Project Profile: On Track and On Par in Pahrump

May 1, 2000
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About an hour’s drive west from Las Vegas, near the California border, a 3,000-ac. bare expanse of desert is yielding to an extensive planned community-the Mountain Falls Resort Development in Pahrump, NV. When the 10-year project is finished, it will feature two hotel-casinos, 8,300 homes, parks, a fire station, and two 18-hole championship golf courses.

A year and a half and “a couple million yards of dirt” since the first phase of development began, E.A. Collins Development of Las Vegas has installed power and sewer lines, started construction on 20 homes, and-working quickly on one of the development’s top priorities-rough graded all 18 holes of the first 150-ac. stadium-style course.

“I’ve got nine holes finish graded. I’ve got the drainages and the bunkers in on all 18 holes. We’ve been waiting for spring so we could plant, and now we’ve sodded the first six holes,” says E.A. Collins Project Manager Doug Saunders.

Each golf course will be surrounded by homes. “It’s sunk down below the level of the house pads so you have golf course frontage lots all the way around the course,” he describes.

Moving a lot of dirt fast was essential in the first phase. “When you do a golf course, you have to do a mass grade. You can’t just do 50 lots and stop and wait for development. You have to do the whole golf course at once, and all that dirt’s gotta go someplace.”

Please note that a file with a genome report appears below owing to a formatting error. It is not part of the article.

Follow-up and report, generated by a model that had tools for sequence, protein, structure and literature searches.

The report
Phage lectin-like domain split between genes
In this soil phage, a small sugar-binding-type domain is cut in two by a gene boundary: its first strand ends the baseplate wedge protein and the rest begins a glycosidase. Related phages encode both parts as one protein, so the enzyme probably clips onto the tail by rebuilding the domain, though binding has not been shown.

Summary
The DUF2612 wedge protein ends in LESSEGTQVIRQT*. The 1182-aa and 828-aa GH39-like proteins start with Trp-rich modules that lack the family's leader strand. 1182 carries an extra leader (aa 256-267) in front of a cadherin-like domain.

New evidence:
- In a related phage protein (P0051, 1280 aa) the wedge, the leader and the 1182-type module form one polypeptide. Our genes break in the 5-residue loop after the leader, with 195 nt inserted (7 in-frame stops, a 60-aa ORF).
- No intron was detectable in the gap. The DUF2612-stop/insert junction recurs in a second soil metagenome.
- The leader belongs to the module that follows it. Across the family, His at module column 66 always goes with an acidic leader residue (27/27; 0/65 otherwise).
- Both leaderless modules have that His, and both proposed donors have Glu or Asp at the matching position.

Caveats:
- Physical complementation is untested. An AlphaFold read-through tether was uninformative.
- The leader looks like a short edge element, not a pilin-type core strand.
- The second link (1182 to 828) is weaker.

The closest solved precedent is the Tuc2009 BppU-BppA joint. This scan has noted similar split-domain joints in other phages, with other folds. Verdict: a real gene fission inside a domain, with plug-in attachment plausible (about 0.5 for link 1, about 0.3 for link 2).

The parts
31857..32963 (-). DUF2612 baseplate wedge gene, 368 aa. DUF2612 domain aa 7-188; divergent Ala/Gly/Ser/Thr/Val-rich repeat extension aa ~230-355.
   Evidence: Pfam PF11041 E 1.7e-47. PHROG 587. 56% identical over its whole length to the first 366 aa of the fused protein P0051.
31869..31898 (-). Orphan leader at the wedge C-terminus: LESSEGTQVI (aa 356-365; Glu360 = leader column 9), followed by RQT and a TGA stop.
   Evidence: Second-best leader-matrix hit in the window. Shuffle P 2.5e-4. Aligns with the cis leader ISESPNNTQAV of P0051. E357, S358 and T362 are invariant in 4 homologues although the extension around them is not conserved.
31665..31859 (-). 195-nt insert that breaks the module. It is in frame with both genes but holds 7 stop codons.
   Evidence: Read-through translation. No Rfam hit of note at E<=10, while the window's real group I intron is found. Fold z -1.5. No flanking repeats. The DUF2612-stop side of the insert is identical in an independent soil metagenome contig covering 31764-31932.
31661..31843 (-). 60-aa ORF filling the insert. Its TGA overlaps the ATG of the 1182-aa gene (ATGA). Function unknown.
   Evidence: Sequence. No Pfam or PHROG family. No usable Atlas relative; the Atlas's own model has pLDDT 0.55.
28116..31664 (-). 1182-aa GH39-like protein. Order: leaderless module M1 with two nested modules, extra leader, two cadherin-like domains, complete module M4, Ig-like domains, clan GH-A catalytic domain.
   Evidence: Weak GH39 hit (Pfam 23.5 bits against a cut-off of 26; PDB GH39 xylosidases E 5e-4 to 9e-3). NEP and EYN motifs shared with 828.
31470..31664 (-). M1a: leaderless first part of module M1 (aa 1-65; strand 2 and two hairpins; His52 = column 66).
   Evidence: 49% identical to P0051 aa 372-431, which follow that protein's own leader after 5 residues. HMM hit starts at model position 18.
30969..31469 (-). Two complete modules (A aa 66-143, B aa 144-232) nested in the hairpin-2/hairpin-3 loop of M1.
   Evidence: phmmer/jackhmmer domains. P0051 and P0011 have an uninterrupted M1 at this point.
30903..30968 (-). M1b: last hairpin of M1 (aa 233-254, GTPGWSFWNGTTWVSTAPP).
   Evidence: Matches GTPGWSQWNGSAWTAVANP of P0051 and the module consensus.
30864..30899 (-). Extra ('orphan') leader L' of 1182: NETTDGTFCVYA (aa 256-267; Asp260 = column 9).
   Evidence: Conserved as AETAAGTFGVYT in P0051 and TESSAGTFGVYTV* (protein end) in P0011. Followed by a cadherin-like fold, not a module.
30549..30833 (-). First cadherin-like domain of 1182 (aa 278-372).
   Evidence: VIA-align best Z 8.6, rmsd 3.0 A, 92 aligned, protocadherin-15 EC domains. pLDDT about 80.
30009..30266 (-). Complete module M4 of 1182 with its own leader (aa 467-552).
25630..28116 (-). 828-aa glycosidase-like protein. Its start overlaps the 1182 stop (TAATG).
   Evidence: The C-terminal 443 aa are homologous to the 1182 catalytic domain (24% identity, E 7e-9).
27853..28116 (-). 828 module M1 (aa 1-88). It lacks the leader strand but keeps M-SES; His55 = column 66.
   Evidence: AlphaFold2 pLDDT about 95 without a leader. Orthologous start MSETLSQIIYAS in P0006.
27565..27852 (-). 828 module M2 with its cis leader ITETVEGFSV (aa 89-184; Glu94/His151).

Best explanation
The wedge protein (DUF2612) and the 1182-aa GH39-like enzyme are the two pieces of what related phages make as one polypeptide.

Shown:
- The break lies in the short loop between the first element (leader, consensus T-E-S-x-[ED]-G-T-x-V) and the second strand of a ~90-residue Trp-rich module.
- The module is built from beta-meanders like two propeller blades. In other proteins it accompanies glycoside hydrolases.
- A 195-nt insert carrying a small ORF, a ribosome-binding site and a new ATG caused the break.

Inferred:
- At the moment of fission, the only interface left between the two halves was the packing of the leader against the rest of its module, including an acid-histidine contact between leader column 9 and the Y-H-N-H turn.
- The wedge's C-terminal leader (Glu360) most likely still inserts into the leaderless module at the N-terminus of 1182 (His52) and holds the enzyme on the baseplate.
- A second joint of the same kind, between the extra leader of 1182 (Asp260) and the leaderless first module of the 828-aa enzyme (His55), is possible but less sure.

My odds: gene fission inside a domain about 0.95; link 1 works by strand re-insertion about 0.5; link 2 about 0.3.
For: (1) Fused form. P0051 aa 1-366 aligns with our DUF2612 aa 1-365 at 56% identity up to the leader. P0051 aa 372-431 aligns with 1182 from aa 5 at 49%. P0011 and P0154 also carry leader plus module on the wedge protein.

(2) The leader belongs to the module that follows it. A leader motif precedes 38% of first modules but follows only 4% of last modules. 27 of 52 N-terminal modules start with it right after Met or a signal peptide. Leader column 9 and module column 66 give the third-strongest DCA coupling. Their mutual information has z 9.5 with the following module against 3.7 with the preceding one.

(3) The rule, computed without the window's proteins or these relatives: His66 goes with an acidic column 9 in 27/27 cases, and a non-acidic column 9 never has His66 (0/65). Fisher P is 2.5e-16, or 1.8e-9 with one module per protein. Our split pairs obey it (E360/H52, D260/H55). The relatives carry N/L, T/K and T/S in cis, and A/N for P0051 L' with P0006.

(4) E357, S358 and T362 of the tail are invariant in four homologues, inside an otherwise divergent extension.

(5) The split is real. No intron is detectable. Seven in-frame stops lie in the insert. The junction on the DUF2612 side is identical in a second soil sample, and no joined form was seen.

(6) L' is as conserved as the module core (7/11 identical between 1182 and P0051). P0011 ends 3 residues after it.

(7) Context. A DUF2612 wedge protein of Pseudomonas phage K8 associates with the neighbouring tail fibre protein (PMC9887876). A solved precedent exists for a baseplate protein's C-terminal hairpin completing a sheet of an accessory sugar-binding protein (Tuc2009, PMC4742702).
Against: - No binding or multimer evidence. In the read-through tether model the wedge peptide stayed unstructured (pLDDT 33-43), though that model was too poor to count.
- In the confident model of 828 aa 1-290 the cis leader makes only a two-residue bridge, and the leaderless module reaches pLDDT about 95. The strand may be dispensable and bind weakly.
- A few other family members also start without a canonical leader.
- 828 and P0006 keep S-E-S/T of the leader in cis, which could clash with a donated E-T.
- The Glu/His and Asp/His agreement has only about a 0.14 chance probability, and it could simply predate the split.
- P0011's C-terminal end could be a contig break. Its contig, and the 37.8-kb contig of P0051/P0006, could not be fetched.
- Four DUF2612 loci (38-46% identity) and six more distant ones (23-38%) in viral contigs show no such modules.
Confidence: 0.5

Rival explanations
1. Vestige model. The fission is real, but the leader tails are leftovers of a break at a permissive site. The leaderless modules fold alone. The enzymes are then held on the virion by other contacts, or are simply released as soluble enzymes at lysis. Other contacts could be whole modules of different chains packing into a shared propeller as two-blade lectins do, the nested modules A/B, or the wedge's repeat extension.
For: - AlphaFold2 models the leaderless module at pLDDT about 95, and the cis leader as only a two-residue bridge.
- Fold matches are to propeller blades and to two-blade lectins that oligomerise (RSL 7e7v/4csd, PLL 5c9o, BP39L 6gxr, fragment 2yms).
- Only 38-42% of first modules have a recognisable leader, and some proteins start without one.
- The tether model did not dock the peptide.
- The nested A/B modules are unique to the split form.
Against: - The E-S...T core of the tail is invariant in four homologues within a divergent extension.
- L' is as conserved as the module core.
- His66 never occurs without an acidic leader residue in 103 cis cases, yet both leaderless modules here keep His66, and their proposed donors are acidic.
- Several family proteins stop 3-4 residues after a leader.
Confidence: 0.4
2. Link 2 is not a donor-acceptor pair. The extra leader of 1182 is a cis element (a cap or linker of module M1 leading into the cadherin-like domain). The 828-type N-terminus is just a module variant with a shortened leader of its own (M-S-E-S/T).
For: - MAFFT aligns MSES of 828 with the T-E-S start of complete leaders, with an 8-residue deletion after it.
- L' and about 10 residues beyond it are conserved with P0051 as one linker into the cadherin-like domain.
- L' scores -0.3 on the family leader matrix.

The dirt removed from the golf course is being used to build up the surrounding lots and various features of the course. “We build the mounding and the waterfalls out of that in the golf course. We also take the dirt and rough grade the pads and the streets,” Saunders explains.

Finding Equipment That Holds Its Ground

Finding the right equipment to move this particular soil was a challenge, however. “This is a silt basin, where all the runoff from the hills is washed into these fields,” Saunders points out. “I’ve got several feet of silt, which instantly turns slick when it rains.” The original wheeled tractors the developer brought in, each with 25-yd.3-capacity paddle scrapers, tended to slide and get stuck under a load.

After seeing a demonstration of tracked vehicles competing against the wheeled tractors at the site, E.A. Collins Development has now leased six Case IH Quadtrac 9380 tractors from Booth Machinery in Yuma, AZ. “The Quadtrac, because of its increased traction and reduced ground pressure, just goes right through it,” says Saunders. “It’s like the difference between a snowmobile and a regular car on snow.” The Quadtracs have 30-in. rubber tracks, and each track assembly pivots 10º, allowing it to follow the contour of the ground.

Maximum Carrying Capacity

To move as much dirt as quickly as possible, each Quadtrac is equipped with two Reynolds International Carry-All 17 CS scrapers, the second-largest scraper of its type Reynolds offers. Each has a 144-in. cutting-blade width and a 17-yd.3 capacity. The price of this equipment-about one-third that of the competition-and the extremely large capacity made it an attractive option for the project. “If you’ve got the horsepower to pull it, you want to get as much yardage per trip as you can to maximize the efficiency of the haul,” notes Saunders. With 360 hp, the Quadtrac easily handles the tandem scrapers. The four-tracked Quadtracs also handle similarly to a four-wheel-drive tractor, pivoting and maneuvering under load. Some competitors offer two-track tractors, says Dennis Booth, owner of Booth Machinery, but “four tracks allow better balance with those loads.”

The first phase of development is scheduled to be completed in June. And then? “We’ve got a layout for the second golf course,” says Saunders.